With approximately 1 million registered boaters in the state, that means there are plenty of busy waterways and, it follows, boating-related accidents, because seasoned, careful sailors are not the only people on Michigan waters. Seafarers range from neophytes to daredevils, and the inappropriate behavior of a vessel’s operator can lead to serious trauma, injuries, and even fatalities.
Imagine sharing the Michigan roads with a great deal of people who aren’t licensed or trained in any way, not to mention traveling in an area where there are no stop lights or marked lanes to guide you. While it may seem like Michigan lakes and rivers offer an opportunity to run wild and free from the demands of daily life, don’t be mistaken – the waterways are governed by their own laws, just like Michigan highways. The Macomb County Sheriff’s Marine Division investigates violations of marine and criminal state laws that occur on Lake St. Clair.
Your safety – no matter how much preparation you have undertaken to operate your boat of choice – is also in the hands of others. Even more sobering is the fact that about 75 percent of all boating accidents happen as the result of operator error. Boaters who don’t know the rules of the waterways, who drink too much, or who are unaware of their responsibilities, cause accidents.
The most common types of boating accidents involve two or more vessels crashing into one another, collision with a still object, skier accidents, electrical issues, and flooding of the watercraft. Alcohol usage is a top contributing factor in boating accidents and boating fatalities. Even people who have completed boating instruction courses can put their own lives at risk, as well as the lives of others, by being irresponsible or making poor choices while operating a boat.
One of the biggest differences between waterways and highways is that children under the age of 12 are legally permitted to operate a motorboat, within reason. The motor can be no more than 6 horsepower. If there is supervision by someone age 16 or older and the child under age 12 has been issued a boating safety certificate, they can operate a boat up to 35 horsepower. Operating a boat with a motor of more than 35 horsepower is illegal for children under 12 in every instance.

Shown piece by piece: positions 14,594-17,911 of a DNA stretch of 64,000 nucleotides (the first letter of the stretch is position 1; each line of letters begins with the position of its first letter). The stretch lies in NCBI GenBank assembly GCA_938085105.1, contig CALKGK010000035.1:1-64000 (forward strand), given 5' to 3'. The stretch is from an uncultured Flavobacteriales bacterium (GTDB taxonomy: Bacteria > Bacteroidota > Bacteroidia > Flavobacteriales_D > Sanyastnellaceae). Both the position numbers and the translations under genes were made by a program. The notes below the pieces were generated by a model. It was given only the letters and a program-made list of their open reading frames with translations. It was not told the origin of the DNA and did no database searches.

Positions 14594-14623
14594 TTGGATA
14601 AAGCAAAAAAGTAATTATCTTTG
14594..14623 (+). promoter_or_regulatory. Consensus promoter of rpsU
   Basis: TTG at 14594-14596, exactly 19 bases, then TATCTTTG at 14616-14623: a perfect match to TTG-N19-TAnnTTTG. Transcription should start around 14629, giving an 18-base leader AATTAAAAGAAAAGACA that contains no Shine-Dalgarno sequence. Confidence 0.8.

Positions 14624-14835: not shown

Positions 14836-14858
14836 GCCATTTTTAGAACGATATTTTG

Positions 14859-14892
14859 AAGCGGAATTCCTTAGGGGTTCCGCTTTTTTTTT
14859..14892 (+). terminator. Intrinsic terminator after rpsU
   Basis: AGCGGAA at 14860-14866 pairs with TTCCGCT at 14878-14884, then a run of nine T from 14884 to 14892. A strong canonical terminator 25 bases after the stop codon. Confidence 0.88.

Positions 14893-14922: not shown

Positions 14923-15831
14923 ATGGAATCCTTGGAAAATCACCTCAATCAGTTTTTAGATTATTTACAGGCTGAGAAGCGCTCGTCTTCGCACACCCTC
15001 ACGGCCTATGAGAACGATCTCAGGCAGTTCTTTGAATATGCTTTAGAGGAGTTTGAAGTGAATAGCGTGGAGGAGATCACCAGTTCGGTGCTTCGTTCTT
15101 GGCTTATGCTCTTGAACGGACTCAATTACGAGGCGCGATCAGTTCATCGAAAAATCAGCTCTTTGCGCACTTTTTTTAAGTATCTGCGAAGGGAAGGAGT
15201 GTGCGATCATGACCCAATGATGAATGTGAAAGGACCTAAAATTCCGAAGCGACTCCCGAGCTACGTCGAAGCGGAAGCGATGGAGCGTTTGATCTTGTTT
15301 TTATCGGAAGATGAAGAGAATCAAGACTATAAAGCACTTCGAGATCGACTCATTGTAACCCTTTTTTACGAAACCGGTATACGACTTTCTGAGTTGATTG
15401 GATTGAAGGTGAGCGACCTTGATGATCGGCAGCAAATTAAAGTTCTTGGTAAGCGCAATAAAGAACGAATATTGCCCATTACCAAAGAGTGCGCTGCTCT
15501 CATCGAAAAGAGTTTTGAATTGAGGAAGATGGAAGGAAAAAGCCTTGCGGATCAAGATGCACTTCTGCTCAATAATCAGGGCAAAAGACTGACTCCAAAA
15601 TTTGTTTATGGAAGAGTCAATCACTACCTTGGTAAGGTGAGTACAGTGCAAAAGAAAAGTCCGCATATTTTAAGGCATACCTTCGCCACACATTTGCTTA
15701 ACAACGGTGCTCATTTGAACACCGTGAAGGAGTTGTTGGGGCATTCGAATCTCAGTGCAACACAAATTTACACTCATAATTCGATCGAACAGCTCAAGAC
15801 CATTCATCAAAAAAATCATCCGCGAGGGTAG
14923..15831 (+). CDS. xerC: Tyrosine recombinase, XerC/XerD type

When it comes to personal watercraft (PWC) – also known as a jet ski, water scooter, or wave runner – no one under the age of 14 may operate one, and those aged 14 or 15 may only operate a PWC if they have a boating safety certificate and are accompanied by a parent or legal guardian on the PWC or the parent or guardian is not more than 100 feet from the PWC.
There are a great deal of facts to know in order to travel safely on Michigan waters. For starters, you should be able to identify the stand-down vessel and the give-way vessel, as well as understand and know how to use all required safety equipment, when to operate running lights, and basic rescue techniques. In a perfect world, all boating accidents and tragedies are preventable because every person on Michigan waterways knows the rules and abides by them. The reality is quite different.
Boating is, for the most part, a leisure activity, whether you’re out for the day on your own, traveling with friends and family, fishing, chauffeuring a water skier, or docking and celebrating an occasion. From sailboats to pontoon boats to canoes to speed boats, waterway traffic is as varied as the cars, trucks, buses, and motorcycles that populate Michigan highways, and so are the people who operate those boats.
But this isn’t what happens and, as a result, boating accidents occur far too frequently. Distraction, inebriation, showing off, speeding, and simply not knowing or following the rules – whether parked in a marina or sailing the seas – are all causes of boating accidents, property damage, injuries, and fatalities.